Approximately 24 percent of the land sustains crops of bananas, taro, yams, and coconuts. Taro is a crop that can be used in land reclamation by building mud ridges or mounds in swampy ponds between the beach rampart and the foothills. Coconuts grown on the island are processed into creams and copra for export.

Tuvalu is a group of nine coral atolls located 0 halfway between Hawaii and Australia. The soil is poor on these islands, and there are no streams or rivers. Water is captured in catchment systems and put into storage. Islanders live by subsistence farming and fishing. Coconut farming allows the islanders to export copra.

The Cook Islands comprise a combined area almost the size of Washington, D.C. Located halfway between Hawaii and New Zealand, the northern islands are primarily low coral atolls, and the southern Cook Islands are hilly volcanic islands. Permanent crops occupy about 13 percent of the land; 29 percent of the labor force is involved in agriculture.

The Cook Islands produce a wide diversity of crops, including pineapple, tomatoes, beans, papayas, bananas, yams, taro, coffee, and citrus fruits. Agriculture is an important part of the economy, and copra, fresh and canned citrus fruit, and coffee are major exports.

The Hawaiian Islands are a volcanic chain of more than 130 islands, centered near 25 degrees north latitude and longitude 160 degrees west. Hawaii, with more than one million people, has the largest population in the Polynesian Island group.

Lanai, one of the seven largest islands in Hawaii, is privately owned, and almost all its cultivated land is planted in pineapples. There are more than fifty-five hundred farms in Hawaii, and more than forty crops are grown commercially.

Because of the absence of adequate water on some sides of the Hawaiian Islands, water is brought through aqueducts from the wet sides of the islands to the dry sides, then kept in lined reservoirs to be used for irrigation, ranching, and tourism.

Sugarcane requires enormous amounts of water to grow, and most pineapple crops are grown under irrigation. Hawaii is the second-largest producer of macadamia nuts in the world.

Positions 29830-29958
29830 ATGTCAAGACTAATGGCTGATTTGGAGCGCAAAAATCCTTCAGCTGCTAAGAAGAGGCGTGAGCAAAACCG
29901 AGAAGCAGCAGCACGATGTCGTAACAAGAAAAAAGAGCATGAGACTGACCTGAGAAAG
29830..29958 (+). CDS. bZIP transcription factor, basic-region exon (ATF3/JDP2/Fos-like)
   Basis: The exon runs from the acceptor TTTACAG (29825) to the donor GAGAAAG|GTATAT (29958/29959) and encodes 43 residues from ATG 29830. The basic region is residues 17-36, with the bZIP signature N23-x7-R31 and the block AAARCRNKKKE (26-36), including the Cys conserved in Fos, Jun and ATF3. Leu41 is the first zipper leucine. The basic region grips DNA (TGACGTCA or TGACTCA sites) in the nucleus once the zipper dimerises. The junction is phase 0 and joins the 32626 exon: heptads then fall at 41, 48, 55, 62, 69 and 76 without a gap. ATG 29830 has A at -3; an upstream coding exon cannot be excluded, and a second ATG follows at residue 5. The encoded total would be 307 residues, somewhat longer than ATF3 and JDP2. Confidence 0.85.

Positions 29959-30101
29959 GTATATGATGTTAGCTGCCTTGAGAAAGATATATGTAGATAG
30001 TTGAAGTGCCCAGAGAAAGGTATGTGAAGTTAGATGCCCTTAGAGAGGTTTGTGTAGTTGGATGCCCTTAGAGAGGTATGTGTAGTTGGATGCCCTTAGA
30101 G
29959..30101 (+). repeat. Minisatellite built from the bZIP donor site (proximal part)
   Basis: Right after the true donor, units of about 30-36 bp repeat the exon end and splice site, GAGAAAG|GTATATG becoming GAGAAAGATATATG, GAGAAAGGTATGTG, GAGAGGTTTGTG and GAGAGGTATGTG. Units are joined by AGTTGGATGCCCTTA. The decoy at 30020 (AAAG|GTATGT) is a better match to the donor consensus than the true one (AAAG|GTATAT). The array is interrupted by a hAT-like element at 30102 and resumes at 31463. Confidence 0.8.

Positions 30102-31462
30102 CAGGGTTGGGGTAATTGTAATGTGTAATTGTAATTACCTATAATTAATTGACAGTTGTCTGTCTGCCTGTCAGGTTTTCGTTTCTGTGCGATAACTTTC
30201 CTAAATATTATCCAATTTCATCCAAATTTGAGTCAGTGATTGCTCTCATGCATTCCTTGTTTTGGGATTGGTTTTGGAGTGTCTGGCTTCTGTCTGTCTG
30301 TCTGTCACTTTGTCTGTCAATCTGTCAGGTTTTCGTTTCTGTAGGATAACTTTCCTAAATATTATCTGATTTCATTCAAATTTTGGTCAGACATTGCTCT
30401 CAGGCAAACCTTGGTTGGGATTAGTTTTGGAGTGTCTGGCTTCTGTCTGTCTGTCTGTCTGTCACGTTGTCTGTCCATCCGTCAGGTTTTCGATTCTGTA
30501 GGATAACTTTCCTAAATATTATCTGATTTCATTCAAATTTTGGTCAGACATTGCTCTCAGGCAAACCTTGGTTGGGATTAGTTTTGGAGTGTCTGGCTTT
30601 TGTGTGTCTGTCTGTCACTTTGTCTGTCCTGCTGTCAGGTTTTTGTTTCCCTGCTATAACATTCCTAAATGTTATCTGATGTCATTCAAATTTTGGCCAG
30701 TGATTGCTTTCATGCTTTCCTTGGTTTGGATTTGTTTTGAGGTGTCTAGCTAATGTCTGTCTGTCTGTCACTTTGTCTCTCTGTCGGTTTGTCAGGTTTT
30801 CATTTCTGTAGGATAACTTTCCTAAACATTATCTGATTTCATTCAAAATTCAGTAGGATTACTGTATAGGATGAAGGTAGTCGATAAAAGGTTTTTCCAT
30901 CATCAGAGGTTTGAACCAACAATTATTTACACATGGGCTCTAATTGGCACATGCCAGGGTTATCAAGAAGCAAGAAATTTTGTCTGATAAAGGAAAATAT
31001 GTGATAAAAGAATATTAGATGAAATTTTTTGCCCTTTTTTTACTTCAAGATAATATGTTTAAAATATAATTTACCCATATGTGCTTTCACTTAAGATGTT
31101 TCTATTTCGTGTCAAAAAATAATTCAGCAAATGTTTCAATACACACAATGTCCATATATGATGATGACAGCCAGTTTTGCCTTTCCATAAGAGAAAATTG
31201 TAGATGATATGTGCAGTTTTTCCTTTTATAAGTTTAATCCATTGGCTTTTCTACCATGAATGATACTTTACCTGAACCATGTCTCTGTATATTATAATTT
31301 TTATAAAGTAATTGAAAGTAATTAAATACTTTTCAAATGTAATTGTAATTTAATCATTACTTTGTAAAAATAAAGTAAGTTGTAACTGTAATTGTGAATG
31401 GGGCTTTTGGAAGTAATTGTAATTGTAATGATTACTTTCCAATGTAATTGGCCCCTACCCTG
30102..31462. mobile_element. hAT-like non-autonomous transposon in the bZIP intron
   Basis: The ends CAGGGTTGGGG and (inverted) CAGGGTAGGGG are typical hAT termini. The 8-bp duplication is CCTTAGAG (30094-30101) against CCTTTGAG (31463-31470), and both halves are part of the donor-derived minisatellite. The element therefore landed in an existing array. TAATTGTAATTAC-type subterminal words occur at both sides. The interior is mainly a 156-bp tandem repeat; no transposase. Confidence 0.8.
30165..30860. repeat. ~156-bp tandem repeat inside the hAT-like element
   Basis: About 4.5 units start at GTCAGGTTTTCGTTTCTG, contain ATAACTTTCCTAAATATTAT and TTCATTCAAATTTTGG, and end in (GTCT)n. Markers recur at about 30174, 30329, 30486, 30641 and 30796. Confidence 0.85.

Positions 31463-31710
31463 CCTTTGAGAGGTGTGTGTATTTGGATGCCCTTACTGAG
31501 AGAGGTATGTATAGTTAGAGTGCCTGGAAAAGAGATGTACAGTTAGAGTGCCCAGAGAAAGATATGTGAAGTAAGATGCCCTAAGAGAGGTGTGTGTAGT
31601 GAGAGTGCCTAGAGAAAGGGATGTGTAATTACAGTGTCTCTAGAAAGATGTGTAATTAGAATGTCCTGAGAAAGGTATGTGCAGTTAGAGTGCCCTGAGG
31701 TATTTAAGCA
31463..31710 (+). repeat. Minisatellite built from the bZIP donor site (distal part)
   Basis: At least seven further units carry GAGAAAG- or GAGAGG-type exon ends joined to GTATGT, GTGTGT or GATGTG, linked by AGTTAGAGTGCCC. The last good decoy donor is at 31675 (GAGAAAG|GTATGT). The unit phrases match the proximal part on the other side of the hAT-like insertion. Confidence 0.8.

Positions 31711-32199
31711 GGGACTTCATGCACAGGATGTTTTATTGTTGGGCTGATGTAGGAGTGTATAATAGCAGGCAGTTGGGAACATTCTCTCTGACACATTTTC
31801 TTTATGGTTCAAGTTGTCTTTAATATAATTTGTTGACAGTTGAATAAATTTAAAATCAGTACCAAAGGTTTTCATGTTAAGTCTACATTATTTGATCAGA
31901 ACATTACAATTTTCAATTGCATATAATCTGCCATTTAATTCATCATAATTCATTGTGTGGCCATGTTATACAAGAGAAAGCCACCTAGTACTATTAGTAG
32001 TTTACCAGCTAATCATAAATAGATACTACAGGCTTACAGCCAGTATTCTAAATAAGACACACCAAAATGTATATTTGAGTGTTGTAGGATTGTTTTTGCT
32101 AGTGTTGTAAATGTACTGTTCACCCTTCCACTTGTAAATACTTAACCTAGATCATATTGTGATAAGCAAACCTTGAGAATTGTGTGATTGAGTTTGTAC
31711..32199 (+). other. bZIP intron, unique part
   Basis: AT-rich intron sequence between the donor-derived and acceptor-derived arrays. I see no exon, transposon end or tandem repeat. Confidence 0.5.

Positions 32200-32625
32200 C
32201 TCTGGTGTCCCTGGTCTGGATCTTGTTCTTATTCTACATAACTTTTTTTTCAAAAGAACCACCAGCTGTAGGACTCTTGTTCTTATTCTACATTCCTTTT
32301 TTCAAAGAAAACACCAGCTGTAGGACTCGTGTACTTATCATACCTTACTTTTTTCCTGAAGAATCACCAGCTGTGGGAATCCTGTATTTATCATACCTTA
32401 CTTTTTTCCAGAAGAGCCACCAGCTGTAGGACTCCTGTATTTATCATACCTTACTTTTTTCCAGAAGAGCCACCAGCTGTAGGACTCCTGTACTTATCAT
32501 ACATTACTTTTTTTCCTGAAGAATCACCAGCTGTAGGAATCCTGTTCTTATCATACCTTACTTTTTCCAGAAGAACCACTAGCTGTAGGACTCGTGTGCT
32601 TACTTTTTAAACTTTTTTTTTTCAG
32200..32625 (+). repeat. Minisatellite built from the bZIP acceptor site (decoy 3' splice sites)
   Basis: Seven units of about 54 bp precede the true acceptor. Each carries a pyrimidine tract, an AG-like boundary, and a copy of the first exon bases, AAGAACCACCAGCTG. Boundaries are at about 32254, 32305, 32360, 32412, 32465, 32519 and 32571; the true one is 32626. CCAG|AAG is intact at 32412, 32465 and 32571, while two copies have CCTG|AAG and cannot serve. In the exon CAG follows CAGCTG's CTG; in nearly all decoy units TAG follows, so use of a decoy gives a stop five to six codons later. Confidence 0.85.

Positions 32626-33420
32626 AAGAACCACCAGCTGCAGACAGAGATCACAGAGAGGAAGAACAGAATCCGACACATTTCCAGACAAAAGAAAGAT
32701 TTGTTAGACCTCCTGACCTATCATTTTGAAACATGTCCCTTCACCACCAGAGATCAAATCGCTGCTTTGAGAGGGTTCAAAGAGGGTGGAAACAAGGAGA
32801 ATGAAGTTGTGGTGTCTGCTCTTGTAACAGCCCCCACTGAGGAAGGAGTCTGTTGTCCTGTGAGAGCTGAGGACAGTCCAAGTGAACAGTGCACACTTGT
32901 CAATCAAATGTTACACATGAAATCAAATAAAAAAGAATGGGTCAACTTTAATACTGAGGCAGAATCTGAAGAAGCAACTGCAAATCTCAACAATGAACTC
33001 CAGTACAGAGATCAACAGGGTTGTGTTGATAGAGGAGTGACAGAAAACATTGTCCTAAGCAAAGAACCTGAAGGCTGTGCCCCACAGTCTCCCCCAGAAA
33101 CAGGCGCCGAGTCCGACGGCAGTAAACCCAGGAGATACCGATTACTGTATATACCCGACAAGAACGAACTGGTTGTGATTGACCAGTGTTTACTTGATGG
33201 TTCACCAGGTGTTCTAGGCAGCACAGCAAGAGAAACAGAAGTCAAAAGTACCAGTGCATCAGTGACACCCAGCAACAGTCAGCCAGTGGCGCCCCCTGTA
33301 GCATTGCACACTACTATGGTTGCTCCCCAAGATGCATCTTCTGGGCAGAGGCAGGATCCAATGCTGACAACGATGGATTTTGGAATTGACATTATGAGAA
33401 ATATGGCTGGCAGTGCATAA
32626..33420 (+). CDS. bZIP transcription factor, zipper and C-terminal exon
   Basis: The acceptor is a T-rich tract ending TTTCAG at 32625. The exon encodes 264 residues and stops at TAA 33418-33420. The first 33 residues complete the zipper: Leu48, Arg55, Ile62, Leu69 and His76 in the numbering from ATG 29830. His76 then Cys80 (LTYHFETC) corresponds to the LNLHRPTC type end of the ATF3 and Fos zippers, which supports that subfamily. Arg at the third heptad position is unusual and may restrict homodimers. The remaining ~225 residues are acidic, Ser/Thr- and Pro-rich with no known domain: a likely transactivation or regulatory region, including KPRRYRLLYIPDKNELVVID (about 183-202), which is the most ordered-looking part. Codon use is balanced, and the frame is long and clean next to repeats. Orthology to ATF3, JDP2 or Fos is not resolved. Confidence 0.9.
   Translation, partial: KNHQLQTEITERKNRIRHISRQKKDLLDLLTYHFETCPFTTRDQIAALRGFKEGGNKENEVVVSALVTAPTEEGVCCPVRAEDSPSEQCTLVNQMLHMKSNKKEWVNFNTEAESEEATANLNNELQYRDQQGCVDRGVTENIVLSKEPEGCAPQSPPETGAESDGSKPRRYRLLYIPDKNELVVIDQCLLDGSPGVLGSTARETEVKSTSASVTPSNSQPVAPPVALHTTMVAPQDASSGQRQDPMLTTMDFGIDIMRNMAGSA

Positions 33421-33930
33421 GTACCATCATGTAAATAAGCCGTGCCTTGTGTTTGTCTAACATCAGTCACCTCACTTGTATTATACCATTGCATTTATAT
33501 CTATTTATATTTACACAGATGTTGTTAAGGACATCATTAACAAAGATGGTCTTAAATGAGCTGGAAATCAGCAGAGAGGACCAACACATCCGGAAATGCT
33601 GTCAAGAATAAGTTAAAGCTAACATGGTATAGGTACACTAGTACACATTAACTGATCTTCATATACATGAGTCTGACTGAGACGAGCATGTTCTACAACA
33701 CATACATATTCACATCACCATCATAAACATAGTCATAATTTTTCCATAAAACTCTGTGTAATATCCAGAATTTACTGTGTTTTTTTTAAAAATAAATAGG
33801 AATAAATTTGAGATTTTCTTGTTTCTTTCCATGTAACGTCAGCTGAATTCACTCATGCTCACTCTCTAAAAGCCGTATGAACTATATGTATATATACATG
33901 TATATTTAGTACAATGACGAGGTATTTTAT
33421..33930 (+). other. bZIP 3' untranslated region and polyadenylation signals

The islands of Hawaii, Kauai, Maui, Molokai, and Oahu produce 7.6 million pounds of green coffee a year. Hawaii is also a prime producer of pineapple, cane from sugar, greenhouse and nursery plants, and dairy products. The main exports are fruits, coffee, and nuts.

New Zealand

About the size of Colorado, New Zealand is divided into two large islands and numerous smaller islands. About 50 percent of its land is in permanent pasture.

survive a food crisis
survive a food crisis
A mountainous country with large coastal plains, 9 percent of the land in New Zealand is arable, and 5 percent is planted in permanent crops. Agriculture accounts for 9 percent of the gross national product and employs approximately 10 percent of the labor force.

In New Zealand, livestock outnumber people twenty-three to one. Wool, lamb, mutton, beef, and dairy products account for more than one-third of New Zealand’s exports, and New Zealand is one of the world’s top exporters of these products.

New Zealand exports 90 percent of its dairy products. Other exports include cheese, fruits, and vegetables. Industry in New Zealand is primarily based on food products, including processed fruit, wines, and textiles.

1 comment:

kdp said...

Thanks for the excellent information posted here! Please keep sharing the information like this.